Aiken Courier Journal (Newspaper) - July 29, 1876, Aiken, South Carolina
Volume 2 — numbed 91
AIKEN, S..O.; JULY 29.1876
OLD SERIES VOL. 6.—2*0.281
• * X
Aiken, S. C., July I, 1874. On and after this date the Postoffice hours wiQ be as follows :
During the week from 8:30 a. rn. to I 80 •’clock p. al, and from 3 to 7 o’clock p.
Western.. Charleston Columbia..1
IO a.m. 10a. in. 4:30 p. rn.
3:80 p. rn. 3:30 p. m. ■9 a. rn.
4:30 p. rn. |9 a.m. & 3.30 pm
Dunbarton, Hammond and Greenland mails close on Thursdays at 6 p. rn., and open on Saiurdaps at 3 p. m.
Leesville, Merritt’s Bridge and Mt. ESbal mails close on Sundays at I o’clock rn., and open on Tuesdays at 5 o’clock nu
__ E. CONDY, P. M.
JilKENFQR A STRAIGHT-OUT TICKET The campaign has opened in Aiken County. Our people are more united In action and dought than at any time
WHY SHOULD COLORED HEN VOTE TUE DEMOCRATIC TIQKETT We propound this question at the suggestion of a number of colored men, who are substantial and thinking citi-sens, and hope, in this manner, to reach and hold the attention of the respectable colored men in this county, at whose request we have written something about the Freedmenf8 Bank Swindle. . All that we ask is a candid and impartial hearing, and that every colored man should weigh the question for himself, and not allow such men aB Spar nick, Lee, Carsten and others- of that deiced able stripe to form th** answer to the question for them* With that class of
RETTER LATE THAN NEVER.
The following extract from a News <md Courter correspondent shows that Gov. Chamberlain has considerably modified his views on the Hamburg aff*:
“In the eouree of the same brid? interview I asked the Governor if h4£ too, considered the Hamburg riot in tbf light of a political affair, and the mew who participated in it as representing the intentions of the Democrats of the tftnte. To this he replied, nnhestating-ly, that he did not consider it to bi anything more significant than a mer# local affair, the result of bad feeling in that particular section, and that he believed it to be generally condemned by the better class, and, indeed, by a large majority of all the white citizens.”
It is most gratifying to find the Governor doing justice to the white people
me* we have nothing to do; there ie no rcridiogin the neighborhood where this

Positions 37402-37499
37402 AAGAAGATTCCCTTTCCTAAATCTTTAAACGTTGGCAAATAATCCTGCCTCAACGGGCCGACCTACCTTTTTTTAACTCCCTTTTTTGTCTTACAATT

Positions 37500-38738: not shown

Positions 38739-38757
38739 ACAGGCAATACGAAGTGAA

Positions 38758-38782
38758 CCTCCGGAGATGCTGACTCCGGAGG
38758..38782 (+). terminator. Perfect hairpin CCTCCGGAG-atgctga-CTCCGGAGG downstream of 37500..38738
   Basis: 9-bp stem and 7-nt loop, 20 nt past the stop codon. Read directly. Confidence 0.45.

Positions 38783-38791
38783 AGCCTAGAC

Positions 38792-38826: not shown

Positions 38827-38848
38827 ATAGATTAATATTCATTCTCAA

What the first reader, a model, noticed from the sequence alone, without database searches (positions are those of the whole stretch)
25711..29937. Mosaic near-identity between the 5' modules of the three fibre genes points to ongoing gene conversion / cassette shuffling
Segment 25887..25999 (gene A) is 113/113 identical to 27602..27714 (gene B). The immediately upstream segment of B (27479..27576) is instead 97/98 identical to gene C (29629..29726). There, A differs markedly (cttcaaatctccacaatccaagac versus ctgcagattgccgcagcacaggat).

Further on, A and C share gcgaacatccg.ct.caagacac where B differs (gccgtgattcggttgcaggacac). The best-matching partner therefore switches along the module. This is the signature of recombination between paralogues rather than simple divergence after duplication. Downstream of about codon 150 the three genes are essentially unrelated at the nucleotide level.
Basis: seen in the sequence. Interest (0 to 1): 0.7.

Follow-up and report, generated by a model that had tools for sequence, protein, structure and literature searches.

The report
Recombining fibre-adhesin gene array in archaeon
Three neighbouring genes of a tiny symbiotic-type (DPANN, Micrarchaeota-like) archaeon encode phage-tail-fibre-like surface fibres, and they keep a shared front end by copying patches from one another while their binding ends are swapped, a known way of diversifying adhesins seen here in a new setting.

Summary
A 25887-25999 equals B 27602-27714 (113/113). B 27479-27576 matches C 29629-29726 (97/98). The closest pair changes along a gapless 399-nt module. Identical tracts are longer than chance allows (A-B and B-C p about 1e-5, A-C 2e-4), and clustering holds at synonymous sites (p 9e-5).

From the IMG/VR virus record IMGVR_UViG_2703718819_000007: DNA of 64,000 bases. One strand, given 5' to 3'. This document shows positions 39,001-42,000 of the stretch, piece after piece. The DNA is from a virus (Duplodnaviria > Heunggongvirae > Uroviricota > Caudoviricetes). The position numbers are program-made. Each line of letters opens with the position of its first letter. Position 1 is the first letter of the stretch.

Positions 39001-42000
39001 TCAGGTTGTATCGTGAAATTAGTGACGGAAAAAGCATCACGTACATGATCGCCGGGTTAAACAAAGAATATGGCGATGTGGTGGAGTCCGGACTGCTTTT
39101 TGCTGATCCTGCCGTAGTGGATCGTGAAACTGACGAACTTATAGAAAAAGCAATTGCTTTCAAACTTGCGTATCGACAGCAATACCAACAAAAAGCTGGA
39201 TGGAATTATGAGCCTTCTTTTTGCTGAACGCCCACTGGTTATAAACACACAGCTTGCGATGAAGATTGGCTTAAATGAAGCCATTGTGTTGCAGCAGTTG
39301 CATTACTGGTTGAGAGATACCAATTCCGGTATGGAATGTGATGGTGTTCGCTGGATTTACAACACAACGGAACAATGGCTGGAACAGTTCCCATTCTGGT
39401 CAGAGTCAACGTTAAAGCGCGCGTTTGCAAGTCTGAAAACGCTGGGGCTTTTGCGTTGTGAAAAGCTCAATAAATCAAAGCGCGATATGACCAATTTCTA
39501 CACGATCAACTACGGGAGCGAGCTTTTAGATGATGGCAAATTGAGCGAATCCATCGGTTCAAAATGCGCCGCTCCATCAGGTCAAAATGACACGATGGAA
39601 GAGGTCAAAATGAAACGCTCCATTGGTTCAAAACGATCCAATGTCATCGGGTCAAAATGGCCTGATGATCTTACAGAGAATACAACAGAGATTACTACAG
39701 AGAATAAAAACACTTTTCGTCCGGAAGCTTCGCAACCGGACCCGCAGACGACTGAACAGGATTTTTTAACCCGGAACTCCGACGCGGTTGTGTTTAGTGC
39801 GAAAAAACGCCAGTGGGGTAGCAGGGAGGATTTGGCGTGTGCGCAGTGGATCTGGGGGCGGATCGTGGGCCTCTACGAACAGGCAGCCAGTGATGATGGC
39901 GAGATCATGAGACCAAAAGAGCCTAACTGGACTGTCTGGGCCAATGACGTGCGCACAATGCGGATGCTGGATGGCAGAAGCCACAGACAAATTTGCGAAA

it years. From every par* of th$ county glad tidings are brought $ each and every good citizen is nit work*-|ard, earnest, substantial work «**-aad titty catty Into chat work no misgivings, vin) apprehensions, no fears. Aiken county must and shall be redeemed S The necessities of the occasion demand it. Radical misrule, •official corruption, aud theft have nearly ruined us, and if we would live aud prosper, cur first and paramount duty Is to to put down this misrule, their corruption and thieving. What people have /^Buffered as we have done ? And it is &j&kmgtoo much of flesh and blood if ;;4he Radicals expect us to Suffer in silence 'f forever*
None WHI dare say that the people of this county are‘Untrue to the Union— that thity seek or desire any unlawful end not warrented and encouraged by the Constitution, laws and genius of the United States, In return for this we are ground down by exhorbitant taxation;
. , Vfe are ignored aud treated with con-/fccmpt; ignorant and-Unscrupulous negroes teether with .ooirapt and evil OTinded *b^ancB vve uur officers; our , courts ; our juries are an
insult to civiiizatioh ; our widows and orphans arc despoiled of their feast pittance by the Radical Probate Judge; 'iqur roods and bridges are a crying . shame, and everywhere is seen the deadly aSd disgusting effects of their mongrel crew who insult the name of Re ublicauism.
The Democratic party, under Democratic leaders and the aegis of our time liquored banner, must work out its own salvation, and they will’do it, too, We want no coalition—no Carpenter, no Green, no Ohamberlair; we want a Democrat, whose honesty and integrity arc above suspicion, whose learning and ability are beyond question, aud whose > independence and'patriotism are known
unto all. In our ranks are many who can and will be our leaders. We have ^ our Hamptons, Kershaw^, Conners, Por-
ters, Mannings, Perrys, Hagoods, Bon-™ hams, and a host of others who are
familiar with our Democratic principles. In the long, darV years of Radicalism which has past, they have not been for gotten, and they now command our love and admiration. Such are the men whose services we need.
This campaign is fraught with our ^nearest and holiest interests; oq its issue depends*the future peace and happiness of our people. Men of Aiken county, keep ihis in mind; lay it next your
* hearts and keep it there* In this coti-
• \est you cannot, must not fail. Aiken - can aud must be redeemed. Put your
best men forward for office, and then -forget all differences—know no man for scii-sake, know* him as the exponential* the great and momentous issue at staxe. Let each man act as a committee of one, under the sanction of the Democratic party, labor as men who realize they are striving for—work iffl along the line, work in the front, rear, flank, centre—every where,'aud we are boifnd o succeed.
common ground between us and them, and to that colored man who admires and approves their course we have this to say, that so long as you follow them, you can have nothing to do with us.
Colored men should vote the Democratic ticket because Aiken county is their home, and It is the duty of every honest citizen to vote for that class of men whose character and ability will insure good government. That our State and county governments are bad, every honest colored man admits. We have yet to meet the first colored man who does not in unmeasured terms condemn the stuffing of the jury box ; who does not say that the appropriating of the Mar-ley estate money by the Probate Judge was a crying shame, that taxes are too heavy, and that very few things are as they ought to be. It would be an in
unfortunate affair occurred; and we ven tare to say that if relative positions of the two sections were changed, there would be two Hamburg riots North where there is one now in the South.